Squamous cell carcinoma of the vulva: a comparison between women 35 years or younger and 90 years or older.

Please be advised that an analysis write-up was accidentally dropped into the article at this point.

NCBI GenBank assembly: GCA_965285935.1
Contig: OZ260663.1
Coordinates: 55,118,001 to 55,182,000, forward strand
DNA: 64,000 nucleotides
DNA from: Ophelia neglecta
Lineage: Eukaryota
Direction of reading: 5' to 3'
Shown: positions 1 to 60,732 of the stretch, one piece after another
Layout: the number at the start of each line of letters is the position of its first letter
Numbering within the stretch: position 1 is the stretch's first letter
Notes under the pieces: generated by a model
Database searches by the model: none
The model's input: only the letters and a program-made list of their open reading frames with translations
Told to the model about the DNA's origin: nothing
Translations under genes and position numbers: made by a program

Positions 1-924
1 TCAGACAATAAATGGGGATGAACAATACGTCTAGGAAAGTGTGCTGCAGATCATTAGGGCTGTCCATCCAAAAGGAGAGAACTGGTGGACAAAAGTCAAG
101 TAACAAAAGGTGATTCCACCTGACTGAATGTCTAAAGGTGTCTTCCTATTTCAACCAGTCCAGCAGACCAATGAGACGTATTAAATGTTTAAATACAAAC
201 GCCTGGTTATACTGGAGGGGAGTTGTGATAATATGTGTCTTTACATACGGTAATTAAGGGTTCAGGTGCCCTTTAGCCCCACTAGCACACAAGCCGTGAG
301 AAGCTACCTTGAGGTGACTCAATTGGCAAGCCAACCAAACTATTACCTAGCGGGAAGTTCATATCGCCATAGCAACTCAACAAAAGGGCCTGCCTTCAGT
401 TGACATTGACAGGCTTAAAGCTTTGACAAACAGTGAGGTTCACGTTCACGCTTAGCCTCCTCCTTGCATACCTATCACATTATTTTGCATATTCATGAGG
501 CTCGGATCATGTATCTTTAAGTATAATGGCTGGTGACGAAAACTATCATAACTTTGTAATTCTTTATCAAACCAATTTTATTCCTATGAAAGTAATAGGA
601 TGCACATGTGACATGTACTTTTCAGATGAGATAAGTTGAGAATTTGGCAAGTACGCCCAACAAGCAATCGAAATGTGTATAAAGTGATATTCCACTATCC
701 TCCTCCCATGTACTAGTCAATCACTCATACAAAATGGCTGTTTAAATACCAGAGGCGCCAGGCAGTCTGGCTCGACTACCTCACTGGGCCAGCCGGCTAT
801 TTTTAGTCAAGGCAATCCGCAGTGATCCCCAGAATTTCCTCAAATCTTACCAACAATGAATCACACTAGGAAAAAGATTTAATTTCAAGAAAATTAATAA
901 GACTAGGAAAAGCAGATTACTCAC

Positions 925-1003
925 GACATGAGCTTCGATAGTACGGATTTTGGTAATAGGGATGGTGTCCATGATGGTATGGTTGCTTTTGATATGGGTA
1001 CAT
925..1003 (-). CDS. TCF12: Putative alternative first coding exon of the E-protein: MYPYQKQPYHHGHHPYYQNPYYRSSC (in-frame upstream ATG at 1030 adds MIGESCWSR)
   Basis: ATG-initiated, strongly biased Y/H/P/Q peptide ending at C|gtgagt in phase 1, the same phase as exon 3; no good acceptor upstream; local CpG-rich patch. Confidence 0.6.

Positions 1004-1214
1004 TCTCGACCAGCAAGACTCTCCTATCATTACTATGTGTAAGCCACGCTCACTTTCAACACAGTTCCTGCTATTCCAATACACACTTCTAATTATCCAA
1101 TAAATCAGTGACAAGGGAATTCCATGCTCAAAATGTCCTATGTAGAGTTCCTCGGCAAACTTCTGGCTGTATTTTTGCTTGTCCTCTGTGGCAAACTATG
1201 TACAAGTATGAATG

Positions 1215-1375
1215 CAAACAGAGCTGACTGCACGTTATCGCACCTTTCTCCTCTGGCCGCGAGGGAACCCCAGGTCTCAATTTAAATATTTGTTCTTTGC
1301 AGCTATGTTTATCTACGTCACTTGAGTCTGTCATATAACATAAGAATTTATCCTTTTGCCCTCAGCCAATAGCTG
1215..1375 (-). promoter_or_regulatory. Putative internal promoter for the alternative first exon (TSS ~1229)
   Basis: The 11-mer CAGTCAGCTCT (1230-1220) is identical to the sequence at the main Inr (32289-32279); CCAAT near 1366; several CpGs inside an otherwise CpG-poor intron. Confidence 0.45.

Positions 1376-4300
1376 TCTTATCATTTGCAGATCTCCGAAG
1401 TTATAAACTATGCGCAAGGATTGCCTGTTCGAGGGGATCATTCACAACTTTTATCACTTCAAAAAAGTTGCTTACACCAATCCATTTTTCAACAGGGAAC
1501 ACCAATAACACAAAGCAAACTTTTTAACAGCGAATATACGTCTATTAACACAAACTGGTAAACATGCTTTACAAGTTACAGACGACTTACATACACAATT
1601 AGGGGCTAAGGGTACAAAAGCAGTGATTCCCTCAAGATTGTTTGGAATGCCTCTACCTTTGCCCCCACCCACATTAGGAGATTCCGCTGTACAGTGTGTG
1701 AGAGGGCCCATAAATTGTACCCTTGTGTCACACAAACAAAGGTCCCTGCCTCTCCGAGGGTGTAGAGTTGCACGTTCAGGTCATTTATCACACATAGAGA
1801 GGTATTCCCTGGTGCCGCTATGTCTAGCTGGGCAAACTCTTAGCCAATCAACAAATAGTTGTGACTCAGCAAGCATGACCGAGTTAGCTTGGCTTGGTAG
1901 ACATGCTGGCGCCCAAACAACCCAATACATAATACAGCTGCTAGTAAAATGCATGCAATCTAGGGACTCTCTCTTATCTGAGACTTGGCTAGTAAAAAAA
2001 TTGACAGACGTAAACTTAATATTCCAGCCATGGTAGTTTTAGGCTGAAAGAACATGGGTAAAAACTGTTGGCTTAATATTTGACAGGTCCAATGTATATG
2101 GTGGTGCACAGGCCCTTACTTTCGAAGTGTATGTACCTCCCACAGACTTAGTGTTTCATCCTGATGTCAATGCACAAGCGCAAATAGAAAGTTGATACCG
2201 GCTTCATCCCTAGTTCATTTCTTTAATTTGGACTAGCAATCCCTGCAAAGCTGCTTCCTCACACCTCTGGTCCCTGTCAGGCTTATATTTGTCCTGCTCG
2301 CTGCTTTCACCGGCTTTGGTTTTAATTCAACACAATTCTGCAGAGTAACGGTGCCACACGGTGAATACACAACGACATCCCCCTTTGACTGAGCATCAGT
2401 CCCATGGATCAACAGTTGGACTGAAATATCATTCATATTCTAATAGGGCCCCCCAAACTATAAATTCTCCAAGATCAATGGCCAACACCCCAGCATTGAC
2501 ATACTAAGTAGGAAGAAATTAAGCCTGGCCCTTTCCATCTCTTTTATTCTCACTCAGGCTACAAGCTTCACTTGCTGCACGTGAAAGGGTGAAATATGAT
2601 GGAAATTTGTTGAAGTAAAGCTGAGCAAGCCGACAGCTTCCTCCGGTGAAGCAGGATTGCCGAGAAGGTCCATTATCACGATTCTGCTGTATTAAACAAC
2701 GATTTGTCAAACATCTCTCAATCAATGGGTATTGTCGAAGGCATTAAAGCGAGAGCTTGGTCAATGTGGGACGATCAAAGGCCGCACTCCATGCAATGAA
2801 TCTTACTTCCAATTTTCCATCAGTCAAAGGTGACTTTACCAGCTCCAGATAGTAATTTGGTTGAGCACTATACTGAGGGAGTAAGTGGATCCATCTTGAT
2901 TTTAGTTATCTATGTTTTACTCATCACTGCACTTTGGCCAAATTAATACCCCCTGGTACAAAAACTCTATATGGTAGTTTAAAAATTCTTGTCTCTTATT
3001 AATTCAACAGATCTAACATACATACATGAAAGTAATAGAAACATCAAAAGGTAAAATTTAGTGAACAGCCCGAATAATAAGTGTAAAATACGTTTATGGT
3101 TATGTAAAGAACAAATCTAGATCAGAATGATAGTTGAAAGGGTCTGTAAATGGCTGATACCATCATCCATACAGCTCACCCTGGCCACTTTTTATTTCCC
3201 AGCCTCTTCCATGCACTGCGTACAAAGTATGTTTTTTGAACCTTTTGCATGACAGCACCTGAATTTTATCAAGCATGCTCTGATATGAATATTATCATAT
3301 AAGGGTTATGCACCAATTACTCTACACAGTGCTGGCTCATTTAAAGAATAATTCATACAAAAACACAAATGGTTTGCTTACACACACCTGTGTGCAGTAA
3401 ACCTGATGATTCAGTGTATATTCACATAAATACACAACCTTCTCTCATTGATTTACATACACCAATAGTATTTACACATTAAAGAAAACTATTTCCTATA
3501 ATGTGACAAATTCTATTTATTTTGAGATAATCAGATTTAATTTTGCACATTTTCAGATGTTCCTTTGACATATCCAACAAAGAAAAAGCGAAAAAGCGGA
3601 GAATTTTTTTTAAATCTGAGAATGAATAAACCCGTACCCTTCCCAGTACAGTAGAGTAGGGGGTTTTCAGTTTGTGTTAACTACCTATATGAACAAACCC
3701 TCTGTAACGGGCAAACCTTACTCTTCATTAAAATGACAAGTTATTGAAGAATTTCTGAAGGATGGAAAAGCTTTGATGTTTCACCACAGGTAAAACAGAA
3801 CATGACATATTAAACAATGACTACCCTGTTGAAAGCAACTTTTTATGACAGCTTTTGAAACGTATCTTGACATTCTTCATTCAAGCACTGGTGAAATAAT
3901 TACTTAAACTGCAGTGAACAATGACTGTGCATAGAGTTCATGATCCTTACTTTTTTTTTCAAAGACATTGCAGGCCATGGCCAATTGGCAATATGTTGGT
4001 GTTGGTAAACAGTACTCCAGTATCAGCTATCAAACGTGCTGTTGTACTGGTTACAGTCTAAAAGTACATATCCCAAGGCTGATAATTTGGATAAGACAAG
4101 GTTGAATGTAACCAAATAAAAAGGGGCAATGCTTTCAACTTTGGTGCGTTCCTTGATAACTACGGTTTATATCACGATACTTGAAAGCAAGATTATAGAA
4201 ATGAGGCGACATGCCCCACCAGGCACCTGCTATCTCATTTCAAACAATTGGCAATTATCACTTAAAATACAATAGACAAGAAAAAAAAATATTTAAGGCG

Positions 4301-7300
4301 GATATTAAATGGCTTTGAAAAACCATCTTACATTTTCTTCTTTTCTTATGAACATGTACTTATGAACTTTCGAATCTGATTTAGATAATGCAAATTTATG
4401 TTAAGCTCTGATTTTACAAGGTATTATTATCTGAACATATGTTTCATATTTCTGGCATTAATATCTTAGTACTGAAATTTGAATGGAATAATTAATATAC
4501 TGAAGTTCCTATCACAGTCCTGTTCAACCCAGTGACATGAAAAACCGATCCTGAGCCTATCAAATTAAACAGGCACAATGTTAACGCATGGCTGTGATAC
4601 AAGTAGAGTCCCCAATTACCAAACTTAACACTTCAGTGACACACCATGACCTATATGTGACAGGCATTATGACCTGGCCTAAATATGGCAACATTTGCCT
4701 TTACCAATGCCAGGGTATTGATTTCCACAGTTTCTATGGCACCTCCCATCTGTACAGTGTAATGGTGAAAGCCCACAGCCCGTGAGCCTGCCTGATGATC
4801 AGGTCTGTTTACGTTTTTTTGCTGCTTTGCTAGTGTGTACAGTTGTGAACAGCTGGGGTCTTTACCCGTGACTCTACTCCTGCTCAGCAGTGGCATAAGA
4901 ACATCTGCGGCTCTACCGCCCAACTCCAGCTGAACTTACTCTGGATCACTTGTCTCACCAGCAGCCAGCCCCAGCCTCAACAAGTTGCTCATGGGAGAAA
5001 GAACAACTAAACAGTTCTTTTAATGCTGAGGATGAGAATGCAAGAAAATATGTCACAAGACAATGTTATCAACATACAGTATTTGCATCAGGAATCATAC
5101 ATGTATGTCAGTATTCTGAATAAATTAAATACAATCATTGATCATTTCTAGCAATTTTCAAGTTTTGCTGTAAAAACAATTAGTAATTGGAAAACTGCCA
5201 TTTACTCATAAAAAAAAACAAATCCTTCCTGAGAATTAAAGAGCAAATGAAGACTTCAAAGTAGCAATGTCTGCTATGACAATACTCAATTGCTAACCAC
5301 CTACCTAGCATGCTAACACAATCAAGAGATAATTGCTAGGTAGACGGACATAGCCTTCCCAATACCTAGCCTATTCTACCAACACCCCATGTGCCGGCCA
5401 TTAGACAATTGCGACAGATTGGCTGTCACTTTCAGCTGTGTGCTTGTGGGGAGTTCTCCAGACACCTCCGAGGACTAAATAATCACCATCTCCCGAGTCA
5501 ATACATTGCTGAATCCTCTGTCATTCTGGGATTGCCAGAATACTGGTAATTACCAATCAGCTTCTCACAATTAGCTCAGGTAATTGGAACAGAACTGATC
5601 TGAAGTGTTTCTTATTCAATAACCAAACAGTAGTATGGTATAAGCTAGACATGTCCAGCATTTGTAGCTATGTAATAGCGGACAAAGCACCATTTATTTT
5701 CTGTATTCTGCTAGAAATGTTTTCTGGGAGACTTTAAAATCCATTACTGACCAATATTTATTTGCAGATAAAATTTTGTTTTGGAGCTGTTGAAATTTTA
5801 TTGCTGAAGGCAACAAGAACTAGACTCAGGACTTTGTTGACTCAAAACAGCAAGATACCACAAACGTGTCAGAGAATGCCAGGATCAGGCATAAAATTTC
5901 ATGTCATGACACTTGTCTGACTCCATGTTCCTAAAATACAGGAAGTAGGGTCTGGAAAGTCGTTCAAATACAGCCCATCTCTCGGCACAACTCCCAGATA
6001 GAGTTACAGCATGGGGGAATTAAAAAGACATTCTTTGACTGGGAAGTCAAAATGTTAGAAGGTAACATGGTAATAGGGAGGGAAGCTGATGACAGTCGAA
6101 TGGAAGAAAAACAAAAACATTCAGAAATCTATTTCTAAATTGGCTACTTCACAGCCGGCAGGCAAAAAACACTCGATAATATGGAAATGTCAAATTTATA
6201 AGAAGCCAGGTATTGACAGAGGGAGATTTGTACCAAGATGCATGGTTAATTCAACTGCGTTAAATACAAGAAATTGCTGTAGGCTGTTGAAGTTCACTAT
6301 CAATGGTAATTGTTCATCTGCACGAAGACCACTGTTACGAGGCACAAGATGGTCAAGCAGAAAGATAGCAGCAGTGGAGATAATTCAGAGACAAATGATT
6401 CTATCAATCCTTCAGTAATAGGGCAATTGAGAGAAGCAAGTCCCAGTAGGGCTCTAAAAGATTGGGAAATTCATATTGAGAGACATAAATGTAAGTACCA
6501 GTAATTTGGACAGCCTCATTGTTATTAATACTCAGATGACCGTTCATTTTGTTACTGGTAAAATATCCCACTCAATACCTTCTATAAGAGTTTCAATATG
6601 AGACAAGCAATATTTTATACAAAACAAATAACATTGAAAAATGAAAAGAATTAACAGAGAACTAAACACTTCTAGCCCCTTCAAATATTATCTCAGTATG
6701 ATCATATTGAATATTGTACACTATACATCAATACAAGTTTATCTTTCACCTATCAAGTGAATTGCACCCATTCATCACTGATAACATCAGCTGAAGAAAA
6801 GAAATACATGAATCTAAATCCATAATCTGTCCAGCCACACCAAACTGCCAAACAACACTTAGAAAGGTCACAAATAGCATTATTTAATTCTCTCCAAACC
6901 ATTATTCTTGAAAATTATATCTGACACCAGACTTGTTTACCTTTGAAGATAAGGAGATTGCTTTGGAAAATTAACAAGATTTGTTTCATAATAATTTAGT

OBJECTIVE To characterize the incidence of vulvar carcinoma in situ and vulvar cancer over time. METHODS We used the Surveillance Epidemiology and End Results database to assess trends in the incidence of vulvar cancer over a 28-year period (1973 through 2000) and determined whether there had been a change in incidence over time. Information collected included patient characteristics, primary tumor site, tumor grade, and follow-up for vital status. We calculated the incidence rates by decade of age, used chi(2) tests to compare demographic characteristics, and tested for trends in incidence over time. RESULTS A total of 13,176 in situ and invasive vulvar carcinomas were identified; 57% of the women were diagnosed with in situ, 44% with invasive disease. Vulvar carcinoma in situ increased 411% from 1973 to 2000. Invasive vulvar cancer increased 20% during the same period. The incidence rates for in situ and invasive vulvar carcinomas are distributed differently across the age groups. In situ carcinoma incidence increases until the age of 40-49 years and then decreases, whereas invasive vulvar cancer risk increases as a woman ages, increasing more quickly after 50 years of age. CONCLUSION The incidence of in situ vulvar carcinoma is increasing. The incidence of invasive vulvar cancer is also increasing but at a much lower rate.